One day early last month, sitting at his desk, he signed off a telephone call by saying, "Ted, I'm looking forward to seeing you again...." Hanging up, he announced grandly, "The Chicken will be here December 12. Set it in granite!" The fowl in question was Ted Giannoulas, the former San Diego Chicken, who had just agreed to appear at a Komets game. A day later, McLain hung up the same phone, jumped up from the same desk and exclaimed, "We got a confirmation from Pete Rose! We've got a Pete Rose Night."
A few minutes later, musing on how dull it must be for fans to sit and watch the Zamboni resurface the ice between periods, McLain suddenly had an idea. "Let's dress up a skater in a bear costume," he said. "The skater can come out on the ice and throw three or four Frisbees at the crowd. Whoever catches a Frisbee gets dinner for four someplace. We'll put a critter on the ice between periods."
Smiling, Lister looked up from his desk and said, "We haven't had this much fun around here in years." Sure enough, there was a critter on the ice at the next home game, throwing Frisbees to the crowd. "Dennis never seems to run out of energy," Lister says. "I've never seen him tired. Or even cranky. He's got things really moving here."
Two days later, after driving from Fort Wayne to Detroit for dinner with friends, a tireless McLain was in Ann Arbor signing autographs and posing with fans for pictures at a baseball-card show. He was friendly, funny, courteous and charming. On his way home from Ann Arbor, he talked in the car about baseball, about how much he wanted to bring a minor league team to Fort Wayne, about business ventures he wants to get into and about how wonderful it is to be free again and how a man can take for granted all the small, surpassing pleasures in life until prison takes them away.
"I like driving to work now. I just like getting into my car."
None of what he's doing now, or the energy he is bringing to it, should surprise veteran McLain watchers. During the course of his uninhibited life, he has kept his head above water (and sometimes slipped below it) doing one-night concerts for the Hammond Organ Company; running a flying service with his own airplane; promoting rock concerts; making book for betting friends in Florida; broadcasting minor league baseball games over the radio in Iowa; hustling at golf; doing a TV talk show in Detroit; being a mortgage broker in Tampa; and owning or co-owning a Florida company that imported big-screen TVs, a paint-manufacturing company in Detroit, a couple of bars in Atlanta and a string of emergency walk-in clinics in Florida.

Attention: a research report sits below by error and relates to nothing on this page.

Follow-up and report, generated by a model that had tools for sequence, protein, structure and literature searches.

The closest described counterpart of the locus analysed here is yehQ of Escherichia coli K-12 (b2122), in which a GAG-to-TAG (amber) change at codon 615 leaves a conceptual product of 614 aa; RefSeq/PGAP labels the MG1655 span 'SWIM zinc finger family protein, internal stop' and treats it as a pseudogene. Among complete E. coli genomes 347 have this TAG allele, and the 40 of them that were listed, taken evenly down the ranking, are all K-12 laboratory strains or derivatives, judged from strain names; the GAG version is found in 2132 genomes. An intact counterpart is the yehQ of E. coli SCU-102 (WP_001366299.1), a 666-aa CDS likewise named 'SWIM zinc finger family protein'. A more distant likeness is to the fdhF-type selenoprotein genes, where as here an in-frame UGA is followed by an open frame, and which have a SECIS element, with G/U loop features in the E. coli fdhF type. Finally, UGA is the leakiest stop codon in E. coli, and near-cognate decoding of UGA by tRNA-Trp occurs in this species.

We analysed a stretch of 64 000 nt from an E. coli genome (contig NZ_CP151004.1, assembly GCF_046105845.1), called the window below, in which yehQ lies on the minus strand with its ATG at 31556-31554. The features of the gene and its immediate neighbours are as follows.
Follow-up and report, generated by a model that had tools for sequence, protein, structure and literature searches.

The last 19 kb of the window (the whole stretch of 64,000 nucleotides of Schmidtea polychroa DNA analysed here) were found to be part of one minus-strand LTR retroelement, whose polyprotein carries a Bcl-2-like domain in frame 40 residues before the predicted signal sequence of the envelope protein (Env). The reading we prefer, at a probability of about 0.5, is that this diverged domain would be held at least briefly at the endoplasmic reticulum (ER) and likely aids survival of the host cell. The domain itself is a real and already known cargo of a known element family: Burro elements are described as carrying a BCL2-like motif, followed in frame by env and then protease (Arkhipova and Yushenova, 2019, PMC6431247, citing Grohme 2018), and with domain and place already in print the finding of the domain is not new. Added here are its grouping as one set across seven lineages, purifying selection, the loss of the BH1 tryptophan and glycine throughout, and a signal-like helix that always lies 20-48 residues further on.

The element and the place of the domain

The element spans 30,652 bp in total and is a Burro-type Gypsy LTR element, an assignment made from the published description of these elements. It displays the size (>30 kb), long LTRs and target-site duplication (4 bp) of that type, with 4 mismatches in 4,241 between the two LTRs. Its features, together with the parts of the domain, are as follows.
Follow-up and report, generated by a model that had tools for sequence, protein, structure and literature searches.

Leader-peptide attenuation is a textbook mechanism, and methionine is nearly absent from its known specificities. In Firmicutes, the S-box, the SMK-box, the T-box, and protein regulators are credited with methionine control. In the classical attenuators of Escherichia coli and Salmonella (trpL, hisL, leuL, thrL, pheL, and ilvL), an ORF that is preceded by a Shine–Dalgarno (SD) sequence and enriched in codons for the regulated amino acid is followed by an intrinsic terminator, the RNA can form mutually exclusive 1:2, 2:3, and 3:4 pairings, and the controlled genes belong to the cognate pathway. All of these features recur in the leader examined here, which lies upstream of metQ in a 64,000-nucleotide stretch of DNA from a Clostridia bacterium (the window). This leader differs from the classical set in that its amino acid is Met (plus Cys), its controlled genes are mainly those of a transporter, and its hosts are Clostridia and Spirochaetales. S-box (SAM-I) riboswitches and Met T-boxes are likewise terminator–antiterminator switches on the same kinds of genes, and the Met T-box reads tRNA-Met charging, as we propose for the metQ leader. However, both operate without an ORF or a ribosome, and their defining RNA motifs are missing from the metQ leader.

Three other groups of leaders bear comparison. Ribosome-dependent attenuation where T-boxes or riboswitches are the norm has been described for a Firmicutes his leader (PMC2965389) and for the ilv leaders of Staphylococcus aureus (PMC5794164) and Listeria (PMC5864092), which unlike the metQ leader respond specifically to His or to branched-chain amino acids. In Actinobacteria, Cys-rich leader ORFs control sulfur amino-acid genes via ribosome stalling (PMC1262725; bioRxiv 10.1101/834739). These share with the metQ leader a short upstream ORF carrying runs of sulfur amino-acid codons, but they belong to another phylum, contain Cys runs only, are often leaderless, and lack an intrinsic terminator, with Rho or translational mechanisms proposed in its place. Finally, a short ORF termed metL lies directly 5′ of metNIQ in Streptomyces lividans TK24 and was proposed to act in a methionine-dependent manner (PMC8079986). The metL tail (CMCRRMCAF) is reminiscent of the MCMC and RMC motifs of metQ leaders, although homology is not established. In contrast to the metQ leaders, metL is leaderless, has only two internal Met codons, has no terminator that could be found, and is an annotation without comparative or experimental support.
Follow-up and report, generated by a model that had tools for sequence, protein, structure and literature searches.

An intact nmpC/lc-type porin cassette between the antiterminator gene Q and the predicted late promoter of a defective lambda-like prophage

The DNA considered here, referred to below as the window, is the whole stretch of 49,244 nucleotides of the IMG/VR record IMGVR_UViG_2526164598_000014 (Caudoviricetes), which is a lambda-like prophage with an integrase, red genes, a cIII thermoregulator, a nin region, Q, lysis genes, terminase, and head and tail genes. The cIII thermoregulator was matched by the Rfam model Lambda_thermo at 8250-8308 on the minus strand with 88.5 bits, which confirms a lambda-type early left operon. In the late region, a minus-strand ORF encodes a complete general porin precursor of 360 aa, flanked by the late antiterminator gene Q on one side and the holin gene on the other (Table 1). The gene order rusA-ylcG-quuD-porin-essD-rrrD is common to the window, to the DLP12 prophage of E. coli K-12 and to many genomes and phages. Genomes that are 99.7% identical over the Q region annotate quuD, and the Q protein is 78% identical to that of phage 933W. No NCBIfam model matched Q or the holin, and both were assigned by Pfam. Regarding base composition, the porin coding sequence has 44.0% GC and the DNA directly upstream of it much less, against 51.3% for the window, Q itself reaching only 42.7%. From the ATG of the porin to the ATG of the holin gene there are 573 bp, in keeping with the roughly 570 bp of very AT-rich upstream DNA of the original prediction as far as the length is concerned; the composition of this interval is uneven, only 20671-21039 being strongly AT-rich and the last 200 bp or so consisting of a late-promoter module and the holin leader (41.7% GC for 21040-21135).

Oh yes, there were also the years he spent as a pitcher for the Detroit Tigers. McLain went 20-14 in 1966 and 24-9 in '69, the year he won his second Cy Young, which he shared with Baltimore's Mike Cuellar. But those considerable accomplishments and everything else he did between the chalk lines fairly shrivel when set against his attainments of '68. He was 31-6 that season, with an ERA of 1.96, and was suddenly the biggest name in the game. He was the first pitcher since 1934, when Dizzy Dean hung up a 30-7 record, to win 30 games in a season. No one has won more than 27 since.
Except for Baltimore's Boog Powell—"I don't know why, but Boog owned me," McLain says—and a few others, he ate hitters for lunch, coming in mostly high and hard, sort of like the way he lived: fastball, slider, fastball, fastball. Firing off that lofty, hammer-hard kick, he pitched with phenomenal control. In his big year, McLain pitched a league-leading 336 innings and gave up only 63 walks. What made the heat hotter was an elegant change. Sharyn, the daughter of Hall of Fame shortstop Lou Boudreau, had grown up going to ball games and took knowledgeable pride in watching her husband pitch. "He had that slow overhand curveball," she says. "It would go so slow and make the batters look so ridiculous! He didn't throw it often, but I loved it when he did."
In '68, McLain was the center of energy on a team that won the pennant and then the World Series. Brash, voluble, cocky, controversial, ever his own man, he flashed a kind of off-speed Irish grin that turned up at only one corner of his mouth, as if he were saying, "I'll show you guys." And he seemed always the focus of attention, no matter what he was doing or where he happened to be. Turmoil tracked him like a bird dog.
"I love sitting and talking on the telephone now—talking without having to wait in line at the prison phone booth."